“Mary Beard Currently Professor of Classics at her alma mater and a very successful television presenter of famously scatty appearance, Beard’s finest hour came in the long, hot summer of 1976 when, while out punting on the Cam, she stripped to her knickers for a series of saucy poses bent over a punt pole. Fellow students at the all-girls college Newnham thought the shots were “a bit slaggy”, but the boys awarded her the coveted Rear of the Year prize any way. (Note: The gong was later withdrawn amid allegations that none of the boys had ever seen any other female bottoms. Also note: Beard became a feminist around this time.)”
When I saw that tweet my first thought was: ‘I cannot wait to read what A A Gill will have to say about this!’ It’s a wonderful thought to think all that time we were watching Beard enthuse over Romans, she didn’t have any pants on.
My second thought was…what are pants for? It put me in mind of an essay Germaine Greer wrote for the Sunday Times in 1971 (it’s featured in a collection of Greer’s essays and writings The Madwoman’s Underclothes) about underwear. During an examination Greer’s doctor enquired: “‘Why’, she murmured, ‘are you wearing pants?’ Now this is no hippy homeopath or herbalist. My doctor wears no charms or beads or sandals…She waited for an answer and I cudgelled my brains for a rational answer, but all that came to mind was a vignette of my mother saying, ‘What if you were knocked over by a car?’ Obviously, if going without means that one is more cautious in traffic, there’s much to be said for it.”
Other than to uncomfortably creep about your undercarriage, announce their presence via VPLs and occasionally suck our stomachs in and lift our buttocks up I can’t think of an actual use beyond modesty.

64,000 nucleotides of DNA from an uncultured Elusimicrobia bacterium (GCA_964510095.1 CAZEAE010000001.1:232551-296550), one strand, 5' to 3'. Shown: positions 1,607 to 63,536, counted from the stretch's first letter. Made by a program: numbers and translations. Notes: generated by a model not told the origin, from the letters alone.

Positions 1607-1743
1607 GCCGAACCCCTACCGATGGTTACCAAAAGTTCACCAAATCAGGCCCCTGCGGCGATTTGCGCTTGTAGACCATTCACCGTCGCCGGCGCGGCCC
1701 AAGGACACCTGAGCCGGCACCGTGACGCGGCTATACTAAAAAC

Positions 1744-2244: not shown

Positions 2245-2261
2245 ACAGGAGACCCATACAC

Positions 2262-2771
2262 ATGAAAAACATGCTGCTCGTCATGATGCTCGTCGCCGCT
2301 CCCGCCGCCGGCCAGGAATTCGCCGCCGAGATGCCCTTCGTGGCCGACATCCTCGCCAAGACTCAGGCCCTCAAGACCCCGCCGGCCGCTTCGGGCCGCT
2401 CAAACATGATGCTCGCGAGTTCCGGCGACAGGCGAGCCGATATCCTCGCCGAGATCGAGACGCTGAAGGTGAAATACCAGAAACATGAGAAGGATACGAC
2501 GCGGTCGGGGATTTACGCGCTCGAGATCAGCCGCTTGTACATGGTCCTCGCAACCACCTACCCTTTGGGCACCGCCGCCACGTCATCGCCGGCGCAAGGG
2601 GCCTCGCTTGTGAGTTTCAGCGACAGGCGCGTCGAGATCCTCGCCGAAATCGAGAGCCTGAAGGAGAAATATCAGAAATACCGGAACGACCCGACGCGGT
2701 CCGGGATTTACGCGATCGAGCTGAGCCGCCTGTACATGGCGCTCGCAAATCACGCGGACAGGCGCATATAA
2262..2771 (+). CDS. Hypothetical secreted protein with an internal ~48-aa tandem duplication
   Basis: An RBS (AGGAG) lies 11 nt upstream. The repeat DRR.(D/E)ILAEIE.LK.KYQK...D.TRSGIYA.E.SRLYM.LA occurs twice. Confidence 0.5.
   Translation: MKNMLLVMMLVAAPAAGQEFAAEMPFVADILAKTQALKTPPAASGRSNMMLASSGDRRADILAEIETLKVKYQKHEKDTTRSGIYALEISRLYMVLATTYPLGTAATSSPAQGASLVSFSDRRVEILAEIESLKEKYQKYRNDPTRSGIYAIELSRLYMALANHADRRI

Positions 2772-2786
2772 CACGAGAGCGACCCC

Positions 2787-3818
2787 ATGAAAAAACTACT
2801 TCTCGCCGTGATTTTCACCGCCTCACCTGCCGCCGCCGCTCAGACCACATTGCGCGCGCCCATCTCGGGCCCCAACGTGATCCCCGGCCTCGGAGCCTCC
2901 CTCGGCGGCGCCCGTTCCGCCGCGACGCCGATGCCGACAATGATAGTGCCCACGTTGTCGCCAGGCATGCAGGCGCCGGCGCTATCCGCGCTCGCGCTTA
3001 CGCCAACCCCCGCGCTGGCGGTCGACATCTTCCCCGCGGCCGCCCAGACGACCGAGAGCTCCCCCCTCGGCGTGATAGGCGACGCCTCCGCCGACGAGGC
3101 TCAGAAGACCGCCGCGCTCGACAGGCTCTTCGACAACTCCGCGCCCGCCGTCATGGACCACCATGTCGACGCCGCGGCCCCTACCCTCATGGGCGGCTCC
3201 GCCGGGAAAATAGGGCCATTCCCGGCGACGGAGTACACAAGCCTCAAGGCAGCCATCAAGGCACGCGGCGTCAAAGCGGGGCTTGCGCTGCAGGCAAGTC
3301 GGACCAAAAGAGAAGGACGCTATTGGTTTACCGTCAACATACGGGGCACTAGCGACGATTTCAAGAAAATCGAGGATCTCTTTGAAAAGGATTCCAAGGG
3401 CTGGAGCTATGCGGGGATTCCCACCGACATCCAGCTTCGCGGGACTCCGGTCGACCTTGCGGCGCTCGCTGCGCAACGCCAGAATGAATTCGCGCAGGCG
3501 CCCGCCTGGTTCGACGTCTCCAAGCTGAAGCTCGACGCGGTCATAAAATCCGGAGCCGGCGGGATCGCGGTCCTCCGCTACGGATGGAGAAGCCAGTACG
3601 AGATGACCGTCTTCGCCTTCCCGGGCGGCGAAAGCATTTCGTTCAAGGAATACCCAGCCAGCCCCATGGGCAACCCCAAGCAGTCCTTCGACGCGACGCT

They seem to only be there to contain panty-liners one of the most wasteful, environmentally unfriendly, useless products I have ever witnessed an advert for. Other than vague mentions of ‘freshness’ on the webpage I am clueless when it comes to panty-liners. I know I can get them in G-string shape. I also know there is a formal wear style of panty-liner that comes in black. I know panty-liners are often presented in a box that has such an inviting lid that the entire product looks like something you proffer guests at dinner parties, ‘After dinner mint? Panty-liner?’
They are so baffling I am convinced advertisers haven’t a clue what to do with them. The most recent advert for Panty-liners called Dailies discusses freshness in such a way that a suspicion is implied that women might not be changing their knickers every day. And at the end, I swear, the model sort of…smells her fingers. Smells her fingers! She’s been standing around with one hand down her pants all day but thanks to a panty-liner: fresh as an effing daisy.
So that’s one use for pants. To contain panty-liners, which are themselves useless. There isn’t even much of a defence when it comes to history. No pant documentary can begin with the words: ‘Since the dawn of time’ because a recognisable knicker only came about in the last century. Fine, we didn’t have the vote but it seems our vulvas got quite the airing.
It was only in the 18th century women began to wear open drawers. Drawers had been part of a man’s wardrobe originally with an opening at the crotch seam. Which sounds rather more hygienic than the hole provided in a pair of Spanx. By the 19th century closed drawers were the undergarment du jour but even by the 1920s women were slow to adopt smaller pants and were divided by those who wore drawers and those who wore knickers.
Due to fabric shortage and the shrivelling feeling the idea of wool pants gives I suspect many a lady went without knickers during the wars. Only in the 1950s with the increased use of Nylon and elastic did knickers become more recognisable to us today.
But I am still to come up with a better reason for them other than being discovered should I be knocked down by a car...